Upper Slaughter

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Upper Slaughter
Upper Slaughter Fjord.jpg
Upper Slaughter
Upper Slaughter is located in Gloucestershire
Upper Slaughter
Upper Slaughter
Upper Slaughter shown within Gloucestershire
Population 177 (2011)[1]
OS grid reference SP154231
Civil parish
  • Upper Slaughter
Shire county
Country England
Sovereign state United Kingdom
Postcode district GL54
Dialling code 01451
Police Gloucestershire
Fire Gloucestershire
Ambulance South Western
EU Parliament South West England
UK Parliament
List of places
51°54′22″N 1°46′37″W / 51.906°N 1.777°W / 51.906; -1.777Coordinates: 51°54′22″N 1°46′37″W / 51.906°N 1.777°W / 51.906; -1.777

Upper Slaughter is a village in the English county of Gloucestershire located in the Cotswold district located 4 miles (6.4 km) south west of the town of Stow-on-the-Wold. Nearby places include Lower Slaughter, Bourton-on-the-Water and Daylesford.

The village is built on both banks of the River Eye. The Anglican parish church is dedicated to St. Peter.[2][3]

Upper Slaughter was identified by author Arthur Mee as one of 32 Thankful Villages, although more recent work suggests a total of 52.[4] This term referred to the small number of villages in England and Wales which had lost no men in World War I, and was popularised by Mee in the 1930s. In Enchanted Land (1936), the introductory volume to "The King's England" series of guides, he wrote "that a Thankful Village was one which had lost no men in the Great War because all those who left to serve came home again."[5] Although the village was subject to an air raid, it also lost no men in World War II, an honour held by only 14 villages, collectively known as the Doubly Thankful Villages.[5][6]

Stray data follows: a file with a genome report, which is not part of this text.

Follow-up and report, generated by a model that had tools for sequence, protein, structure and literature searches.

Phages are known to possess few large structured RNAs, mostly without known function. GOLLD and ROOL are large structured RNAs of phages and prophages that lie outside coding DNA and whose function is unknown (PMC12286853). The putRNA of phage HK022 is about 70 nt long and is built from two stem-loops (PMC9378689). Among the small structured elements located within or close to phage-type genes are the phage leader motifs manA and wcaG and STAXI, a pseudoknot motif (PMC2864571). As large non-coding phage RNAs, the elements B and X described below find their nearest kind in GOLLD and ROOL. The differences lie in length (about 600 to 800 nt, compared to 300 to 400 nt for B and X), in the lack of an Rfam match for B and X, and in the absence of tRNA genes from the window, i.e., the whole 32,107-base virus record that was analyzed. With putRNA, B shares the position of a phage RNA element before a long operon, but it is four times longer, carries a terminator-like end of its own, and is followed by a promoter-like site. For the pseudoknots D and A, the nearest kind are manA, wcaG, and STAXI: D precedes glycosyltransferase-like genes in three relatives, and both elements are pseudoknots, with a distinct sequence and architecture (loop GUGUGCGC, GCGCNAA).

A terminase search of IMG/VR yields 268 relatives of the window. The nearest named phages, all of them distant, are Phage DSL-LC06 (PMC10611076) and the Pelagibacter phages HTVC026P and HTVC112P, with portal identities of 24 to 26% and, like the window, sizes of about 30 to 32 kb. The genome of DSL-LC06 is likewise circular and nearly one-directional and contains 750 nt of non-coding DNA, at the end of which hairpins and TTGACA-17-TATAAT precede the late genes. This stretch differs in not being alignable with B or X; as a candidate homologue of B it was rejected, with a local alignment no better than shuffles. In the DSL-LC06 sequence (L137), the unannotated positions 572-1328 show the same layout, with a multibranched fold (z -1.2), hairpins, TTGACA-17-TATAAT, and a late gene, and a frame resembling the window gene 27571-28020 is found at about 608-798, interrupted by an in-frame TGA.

Lords of the Manor Hotel, Upper Slaughter

The parliamentary constituency is represented by Geoffrey Clifton-Brown MP.

Upper Slaughter Manor, a Grade I Listed property


The name of the village derives form the Old English term "slough" meaning "wet land".[7]

The manor of Upper Slaughter is recorded in the Domesday Book of 1086; the Slaughter family acquired it in the late 12th century. The current building, on the site of an ancient building, was constructed over many years, starting in the Tudor era. Its crypt is estimated to be from the 14th century.[8]

The largest business in the village is the Lords of the Manor Hotel. The building dates from 1649 and has been a hotel since 1960s. The owners continue to furnish the house with portraits and antiques belonging to the former owner.[9] Other hotels serving the two Slaughter villages include The Slaughters Country Inn and Lower Slaughter Manor.[10]

In 1906, the cottages around the square were reconstructed by architect Sir Edward Lutyens.[11]


The Old School House, a Grade II listed property

Places of architectural interest include:

  • St Peter's Church
  • Upper Slaughter Manor
  • Home Farmhouse
  • The Old School House
  • Castle Mound
  • Rose Row
  • The Square



Media related to Upper Slaughter at Wikimedia Commons

  • The Buildings of England Gloucestershire 1: The Cotswolds, David Verey and Alan Brooks, Penguin Books 1999